Following the rapid and radical change that the transition to distance education required, we are beginning to discern the contours of a new normality. Many of us are working remotely, fewer are on campus. We’re keeping our distance and washing our hands. As more people fall ill, the government may impose more restrictions, and these are likely to affect our activities. We need to be prepared for more widespread sickness absence.

The most important thing now is staying power. This situation will continue for some time. Yesterday we took a decision to extend the measures we have previously announced until 15 May. The decision also contained two new measures.

From now on, our campus premises will be open to anyone who has a card and code, but not to the public. Also, the previous decision on a maximum of 100 people for conferences and meetings at the University no longer applies; instead, meetings should primarily be held remotely. At any remaining physical meetings, social distancing will apply, i.e., fewer participants in larger rooms. And it must always be possible to participate remotely.

While all this is going on, planning is already under way for next year. Yesterday morning we had an extended Management Council meeting (just under half the people in the room, the others via Zoom) to begin the process of drafting an operational plan for 2021. As far as possible, we are aiming to stick to the existing conditions for planning and established principles. We believe this is best for the University, particularly in the present situation.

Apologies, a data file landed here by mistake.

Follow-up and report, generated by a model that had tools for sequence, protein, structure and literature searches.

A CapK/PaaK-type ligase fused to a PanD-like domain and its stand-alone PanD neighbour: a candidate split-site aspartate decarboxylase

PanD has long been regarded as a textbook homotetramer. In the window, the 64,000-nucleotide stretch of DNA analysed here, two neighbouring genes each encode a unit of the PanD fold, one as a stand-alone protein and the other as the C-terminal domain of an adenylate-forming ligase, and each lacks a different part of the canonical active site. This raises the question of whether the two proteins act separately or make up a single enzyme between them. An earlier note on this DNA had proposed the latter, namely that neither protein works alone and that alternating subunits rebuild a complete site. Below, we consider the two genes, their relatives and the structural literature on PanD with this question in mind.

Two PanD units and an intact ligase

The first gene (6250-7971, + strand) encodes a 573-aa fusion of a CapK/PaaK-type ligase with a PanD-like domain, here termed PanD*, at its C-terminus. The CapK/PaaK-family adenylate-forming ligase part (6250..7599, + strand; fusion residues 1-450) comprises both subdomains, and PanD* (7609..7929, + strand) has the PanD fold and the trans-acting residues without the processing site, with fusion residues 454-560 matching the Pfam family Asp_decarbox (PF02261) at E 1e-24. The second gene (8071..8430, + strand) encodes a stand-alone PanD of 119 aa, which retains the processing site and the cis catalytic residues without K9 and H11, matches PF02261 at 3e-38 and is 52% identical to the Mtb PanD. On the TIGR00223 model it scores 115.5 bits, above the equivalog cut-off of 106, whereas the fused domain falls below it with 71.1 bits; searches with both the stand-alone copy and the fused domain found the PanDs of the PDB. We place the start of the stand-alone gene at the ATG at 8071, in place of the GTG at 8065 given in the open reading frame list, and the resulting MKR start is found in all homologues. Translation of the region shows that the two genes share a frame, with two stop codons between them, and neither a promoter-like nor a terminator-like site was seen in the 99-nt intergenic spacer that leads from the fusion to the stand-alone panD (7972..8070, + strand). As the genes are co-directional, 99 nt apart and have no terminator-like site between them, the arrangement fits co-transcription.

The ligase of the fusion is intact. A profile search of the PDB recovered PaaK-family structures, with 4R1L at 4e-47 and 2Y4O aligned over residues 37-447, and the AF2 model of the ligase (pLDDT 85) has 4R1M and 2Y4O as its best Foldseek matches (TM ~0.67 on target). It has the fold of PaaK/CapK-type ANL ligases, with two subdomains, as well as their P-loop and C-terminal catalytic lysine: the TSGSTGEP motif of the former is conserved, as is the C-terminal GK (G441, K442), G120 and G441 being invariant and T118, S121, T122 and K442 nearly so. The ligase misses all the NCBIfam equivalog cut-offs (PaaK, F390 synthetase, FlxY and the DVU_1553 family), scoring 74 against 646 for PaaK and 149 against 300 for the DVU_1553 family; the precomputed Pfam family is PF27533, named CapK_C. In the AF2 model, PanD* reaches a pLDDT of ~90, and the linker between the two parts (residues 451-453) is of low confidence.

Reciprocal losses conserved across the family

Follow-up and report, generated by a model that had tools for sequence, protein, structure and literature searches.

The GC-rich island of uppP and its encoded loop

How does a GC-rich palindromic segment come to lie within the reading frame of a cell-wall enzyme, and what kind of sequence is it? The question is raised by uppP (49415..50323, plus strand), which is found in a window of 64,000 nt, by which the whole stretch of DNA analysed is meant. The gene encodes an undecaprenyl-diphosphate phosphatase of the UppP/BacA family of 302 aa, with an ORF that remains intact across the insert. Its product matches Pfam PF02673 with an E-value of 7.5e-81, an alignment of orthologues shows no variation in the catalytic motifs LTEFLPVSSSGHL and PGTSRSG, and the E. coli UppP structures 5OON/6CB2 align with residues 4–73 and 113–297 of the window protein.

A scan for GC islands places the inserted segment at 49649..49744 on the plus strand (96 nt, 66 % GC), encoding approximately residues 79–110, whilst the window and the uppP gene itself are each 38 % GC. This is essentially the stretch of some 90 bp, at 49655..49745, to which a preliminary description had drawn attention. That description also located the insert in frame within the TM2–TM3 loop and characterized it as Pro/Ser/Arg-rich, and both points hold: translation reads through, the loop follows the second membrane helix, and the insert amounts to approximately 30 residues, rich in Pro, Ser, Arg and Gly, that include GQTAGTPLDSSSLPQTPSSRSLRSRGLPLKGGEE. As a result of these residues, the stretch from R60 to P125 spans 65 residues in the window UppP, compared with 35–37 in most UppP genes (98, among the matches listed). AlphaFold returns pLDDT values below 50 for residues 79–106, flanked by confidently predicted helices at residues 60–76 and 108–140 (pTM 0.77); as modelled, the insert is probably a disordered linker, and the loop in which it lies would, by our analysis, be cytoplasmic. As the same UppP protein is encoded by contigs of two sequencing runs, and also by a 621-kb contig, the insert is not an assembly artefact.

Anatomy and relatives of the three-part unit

Several members of the Faculty of Medicine will be increasing their engagement in health and medical care; in this emergency situation, research has to take a back seat. We are proud of their great sense of responsibility and their willingness to help. Those of you who are contributing knowledge in various public connections are also doing important work. You are needed alongside the public authorities when anxiety is growing and people are trying to understand what is happening.

We call on you all at this time to keep going and stay strong. Even if the situation is becoming normal in some sense, it’s important not to relax. The world and Sweden are in an exceptional situation and our ability to continue to keep our distance and reduce the spread of infection is our joint responsibility. Help one another and don’t forget to get in touch with people who have no family and friends nearby.

Yesterday afternoon, the government issued a press release proposing a number of measures in the area of education. Already last week, Uppsala University signalled that we can admit more people to summer courses, expand certain programmes, the foundation year and the number of places in distance education. As a university, we will naturally help and contribute in every way we can.

Share this post